Very broad actions are being taken in this area, with a focus on sea level rise, decarbonization, and air quality. Most bills reserve regulatory power to the state and regional and local program-focused bills have made it through the legislative process (e.g., AB 11, AB 50, AB 51, and SB 359).

            Bills on sea level rise, such as SB 1 (chaptered) and SB 1078, legislate assessment and mitigation efforts, including state investment in grants for local and regional plans. Funding is through the Greenhouse Gas Reduction Fund, and control is accordingly placed in state agencies for coordination, funding, and permitting.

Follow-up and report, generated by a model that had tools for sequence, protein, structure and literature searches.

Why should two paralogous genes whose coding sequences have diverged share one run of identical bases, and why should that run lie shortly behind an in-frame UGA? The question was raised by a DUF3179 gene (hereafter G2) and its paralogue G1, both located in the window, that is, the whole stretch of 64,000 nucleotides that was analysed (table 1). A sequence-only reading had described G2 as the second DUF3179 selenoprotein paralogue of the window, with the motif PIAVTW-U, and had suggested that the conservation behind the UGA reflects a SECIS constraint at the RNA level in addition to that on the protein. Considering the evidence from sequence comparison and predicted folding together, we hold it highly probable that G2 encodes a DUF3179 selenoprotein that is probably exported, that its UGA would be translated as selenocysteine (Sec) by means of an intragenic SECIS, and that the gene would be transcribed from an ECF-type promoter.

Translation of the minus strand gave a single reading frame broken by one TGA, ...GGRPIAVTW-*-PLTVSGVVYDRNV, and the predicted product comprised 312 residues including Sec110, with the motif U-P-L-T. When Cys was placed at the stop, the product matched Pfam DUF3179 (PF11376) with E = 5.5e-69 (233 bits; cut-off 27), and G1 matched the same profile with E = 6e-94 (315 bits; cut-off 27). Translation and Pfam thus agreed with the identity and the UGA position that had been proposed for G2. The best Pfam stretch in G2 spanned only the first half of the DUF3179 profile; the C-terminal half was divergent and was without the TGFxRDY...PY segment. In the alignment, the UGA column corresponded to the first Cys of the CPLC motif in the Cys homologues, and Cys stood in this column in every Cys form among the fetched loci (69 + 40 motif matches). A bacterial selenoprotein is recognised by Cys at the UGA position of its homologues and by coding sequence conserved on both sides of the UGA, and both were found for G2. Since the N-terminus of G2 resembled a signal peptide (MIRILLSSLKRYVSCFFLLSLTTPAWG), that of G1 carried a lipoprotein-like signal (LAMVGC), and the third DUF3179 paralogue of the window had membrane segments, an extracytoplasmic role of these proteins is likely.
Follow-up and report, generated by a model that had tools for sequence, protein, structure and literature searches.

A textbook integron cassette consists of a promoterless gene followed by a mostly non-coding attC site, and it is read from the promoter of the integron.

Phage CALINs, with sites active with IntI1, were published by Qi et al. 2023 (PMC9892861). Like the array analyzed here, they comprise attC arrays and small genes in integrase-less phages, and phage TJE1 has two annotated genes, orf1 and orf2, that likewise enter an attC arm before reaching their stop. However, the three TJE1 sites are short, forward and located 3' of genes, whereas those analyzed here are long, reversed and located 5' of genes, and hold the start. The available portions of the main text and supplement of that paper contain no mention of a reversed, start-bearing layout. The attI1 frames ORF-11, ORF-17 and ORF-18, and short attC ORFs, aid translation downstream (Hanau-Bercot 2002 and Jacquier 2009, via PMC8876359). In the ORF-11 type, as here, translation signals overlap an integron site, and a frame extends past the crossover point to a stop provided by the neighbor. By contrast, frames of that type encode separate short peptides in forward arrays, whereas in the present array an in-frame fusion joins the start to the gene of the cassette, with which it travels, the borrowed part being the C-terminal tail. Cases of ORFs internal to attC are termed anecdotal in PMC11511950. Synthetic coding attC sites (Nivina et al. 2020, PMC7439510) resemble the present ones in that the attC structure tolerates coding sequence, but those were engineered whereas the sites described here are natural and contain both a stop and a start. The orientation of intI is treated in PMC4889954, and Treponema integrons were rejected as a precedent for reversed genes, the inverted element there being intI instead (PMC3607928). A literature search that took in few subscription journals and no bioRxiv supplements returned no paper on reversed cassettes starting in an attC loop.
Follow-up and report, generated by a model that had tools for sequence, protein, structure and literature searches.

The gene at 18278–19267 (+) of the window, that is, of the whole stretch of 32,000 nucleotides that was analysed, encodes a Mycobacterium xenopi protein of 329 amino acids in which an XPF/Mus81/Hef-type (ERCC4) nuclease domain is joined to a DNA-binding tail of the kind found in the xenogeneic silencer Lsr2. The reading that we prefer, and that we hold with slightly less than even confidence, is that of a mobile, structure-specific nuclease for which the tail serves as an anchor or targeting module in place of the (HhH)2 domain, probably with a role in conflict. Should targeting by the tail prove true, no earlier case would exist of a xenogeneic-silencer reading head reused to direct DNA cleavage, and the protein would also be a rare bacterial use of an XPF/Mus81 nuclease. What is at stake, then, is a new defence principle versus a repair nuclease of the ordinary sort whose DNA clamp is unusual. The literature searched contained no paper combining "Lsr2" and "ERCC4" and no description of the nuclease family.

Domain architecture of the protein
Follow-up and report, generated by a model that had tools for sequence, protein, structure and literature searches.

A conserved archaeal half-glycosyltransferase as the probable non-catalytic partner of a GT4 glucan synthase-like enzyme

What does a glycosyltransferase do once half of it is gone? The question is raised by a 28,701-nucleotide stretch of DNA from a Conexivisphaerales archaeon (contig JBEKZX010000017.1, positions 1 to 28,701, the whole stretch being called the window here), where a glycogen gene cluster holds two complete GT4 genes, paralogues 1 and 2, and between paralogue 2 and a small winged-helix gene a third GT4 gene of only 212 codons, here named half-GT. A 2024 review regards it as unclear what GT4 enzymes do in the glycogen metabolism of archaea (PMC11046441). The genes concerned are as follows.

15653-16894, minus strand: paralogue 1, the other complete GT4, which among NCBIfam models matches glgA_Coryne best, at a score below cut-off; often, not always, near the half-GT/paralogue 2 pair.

Bills on decarbonization tend to focus on green building and infrastructure, including electrification, with a small focus on carbon sequestration that complements some of the California Air Resources proposed actions under the 2022 AB 32 Scoping Plan. SB 27, chaptered on September 23, 2021, establishes carbon dioxide removal targets as part of the state climate plan. Further bills emphasize the role of cement and construction in greenhouse gas (“GHG”) emissions and seek to reduce this impact. SB 596, chaptered September 23, 2021, requires the State Air Resources Board to develop a strategy to achieve net-zero GHG emissions from cement in the state by 2046. SB 1112 would require the state to identify funding opportunities that would allow eligible entities to provide zero-emission, clean energy, or decarbonizing building upgrades. Though sequestration is not the top priority in decarbonization legislation, there are some bills toward this end. For example, the proposed Decarbonized Cement and Geologic Carbon Sequestration Demonstration Act (SB 905) would require the state to evaluate and fund geologic carbon sequestration pilot projects and streamline applications for such projects.